Friday, March 27, 2009

CITIZENS FIGHTING BACK AGAINST SPY CAMS

Wall Street Journal - Once a rarity, traffic cameras are filming away across the country. And they're not just focusing their sights on red-light runners. The latest technology includes cameras that keep tabs on highways to catch speeders in the act and infrared license-plate readers that nab ticket and tax scofflaws. . .

Drivers -- many accusing law enforcement of using spy tactics to trap unsuspecting citizens -- are fighting back with everything from pick axes to camera-blocking Santa Clauses. They're moving beyond radar detectors and CB radios to wage their own tech war against detection, using sprays that promise to blur license numbers and Web sites that plot the cameras' locations and offer tips to beat them.

Critics point to research showing cameras can actually lead to more rear-end accidents because drivers often slam their brakes when they see signs warning them of cameras in the area. Others are angry that the cameras are operated by for-profit companies that typically make around $5,000 per camera each month. . .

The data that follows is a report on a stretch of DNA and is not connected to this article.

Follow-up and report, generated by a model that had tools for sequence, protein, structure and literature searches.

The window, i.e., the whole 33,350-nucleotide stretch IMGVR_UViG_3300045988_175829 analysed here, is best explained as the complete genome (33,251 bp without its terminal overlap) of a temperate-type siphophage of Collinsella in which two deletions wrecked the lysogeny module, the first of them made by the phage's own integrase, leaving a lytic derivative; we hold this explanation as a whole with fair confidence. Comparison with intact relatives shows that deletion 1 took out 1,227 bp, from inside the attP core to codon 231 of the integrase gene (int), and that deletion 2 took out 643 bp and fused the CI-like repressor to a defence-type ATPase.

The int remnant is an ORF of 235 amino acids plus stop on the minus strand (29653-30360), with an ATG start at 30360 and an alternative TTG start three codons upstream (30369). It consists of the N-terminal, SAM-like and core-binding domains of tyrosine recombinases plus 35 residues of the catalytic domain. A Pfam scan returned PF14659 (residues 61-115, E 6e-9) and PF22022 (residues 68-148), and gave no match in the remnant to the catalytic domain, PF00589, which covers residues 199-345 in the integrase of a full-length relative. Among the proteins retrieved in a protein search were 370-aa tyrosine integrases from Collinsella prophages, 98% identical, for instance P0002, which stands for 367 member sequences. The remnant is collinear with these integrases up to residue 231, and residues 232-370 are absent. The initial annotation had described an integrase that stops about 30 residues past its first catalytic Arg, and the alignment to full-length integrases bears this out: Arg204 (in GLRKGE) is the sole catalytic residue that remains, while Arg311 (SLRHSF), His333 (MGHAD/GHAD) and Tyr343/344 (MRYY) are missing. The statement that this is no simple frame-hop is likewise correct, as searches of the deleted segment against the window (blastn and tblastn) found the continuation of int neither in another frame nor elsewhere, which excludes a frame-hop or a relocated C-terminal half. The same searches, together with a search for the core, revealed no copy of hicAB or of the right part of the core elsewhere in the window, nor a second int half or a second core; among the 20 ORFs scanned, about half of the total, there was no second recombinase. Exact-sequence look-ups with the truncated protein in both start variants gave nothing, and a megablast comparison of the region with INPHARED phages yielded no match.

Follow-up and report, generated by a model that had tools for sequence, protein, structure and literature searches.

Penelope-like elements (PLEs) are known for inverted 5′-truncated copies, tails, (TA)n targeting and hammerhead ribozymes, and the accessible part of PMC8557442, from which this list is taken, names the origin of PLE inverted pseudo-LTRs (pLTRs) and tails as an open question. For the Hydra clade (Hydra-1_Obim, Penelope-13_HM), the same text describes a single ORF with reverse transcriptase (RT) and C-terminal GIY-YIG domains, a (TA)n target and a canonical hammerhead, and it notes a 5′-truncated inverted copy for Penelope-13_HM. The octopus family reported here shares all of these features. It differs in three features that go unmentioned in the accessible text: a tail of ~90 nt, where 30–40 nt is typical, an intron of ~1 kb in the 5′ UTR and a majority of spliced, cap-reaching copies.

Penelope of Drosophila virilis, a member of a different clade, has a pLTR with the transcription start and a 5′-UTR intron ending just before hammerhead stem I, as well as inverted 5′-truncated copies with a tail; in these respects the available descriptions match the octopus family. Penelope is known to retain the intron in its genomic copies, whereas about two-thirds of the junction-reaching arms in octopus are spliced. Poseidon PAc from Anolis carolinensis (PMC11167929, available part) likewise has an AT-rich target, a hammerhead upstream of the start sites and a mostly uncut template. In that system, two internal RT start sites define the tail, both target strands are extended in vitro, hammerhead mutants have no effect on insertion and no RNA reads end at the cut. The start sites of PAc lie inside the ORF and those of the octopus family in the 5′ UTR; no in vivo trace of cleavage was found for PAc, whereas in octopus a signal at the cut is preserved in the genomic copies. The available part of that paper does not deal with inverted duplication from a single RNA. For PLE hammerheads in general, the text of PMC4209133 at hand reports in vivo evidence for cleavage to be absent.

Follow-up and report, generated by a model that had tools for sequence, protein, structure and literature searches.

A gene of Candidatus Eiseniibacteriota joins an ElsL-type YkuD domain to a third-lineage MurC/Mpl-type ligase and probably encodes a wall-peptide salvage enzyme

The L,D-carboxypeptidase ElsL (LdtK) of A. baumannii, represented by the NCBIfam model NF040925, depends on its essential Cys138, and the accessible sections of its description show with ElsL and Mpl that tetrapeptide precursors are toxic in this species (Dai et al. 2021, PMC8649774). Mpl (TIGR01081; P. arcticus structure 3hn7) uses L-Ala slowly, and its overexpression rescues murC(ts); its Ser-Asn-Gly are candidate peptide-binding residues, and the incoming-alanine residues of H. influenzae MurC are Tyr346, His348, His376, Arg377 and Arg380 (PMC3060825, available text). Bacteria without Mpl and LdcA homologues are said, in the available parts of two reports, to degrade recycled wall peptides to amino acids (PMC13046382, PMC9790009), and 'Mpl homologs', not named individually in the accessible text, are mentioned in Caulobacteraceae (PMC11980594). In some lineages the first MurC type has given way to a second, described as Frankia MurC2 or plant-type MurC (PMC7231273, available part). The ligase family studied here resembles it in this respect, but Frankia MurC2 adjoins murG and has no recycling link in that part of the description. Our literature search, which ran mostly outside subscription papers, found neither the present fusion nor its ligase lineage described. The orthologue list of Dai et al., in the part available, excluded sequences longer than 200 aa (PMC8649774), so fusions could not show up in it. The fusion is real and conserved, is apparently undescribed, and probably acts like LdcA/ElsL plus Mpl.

Suppliers estimate that there are now slightly over 3,000 red-light and speed cameras in operation in the U.S., up from about 2,500 a year ago. . .

A study in last month's Journal of Law and Economics concluded that, as many motorists have long suspected, "governments use traffic tickets as a means of generating revenue." The authors, Thomas Garrett of the St. Louis Fed and Gary Wagner of the University of Arkansas at Little Rock, studied 14 years of traffic-ticket data from 96 counties in North Carolina. They found that when local-government revenue declines, police issue more tickets in the following year. . .

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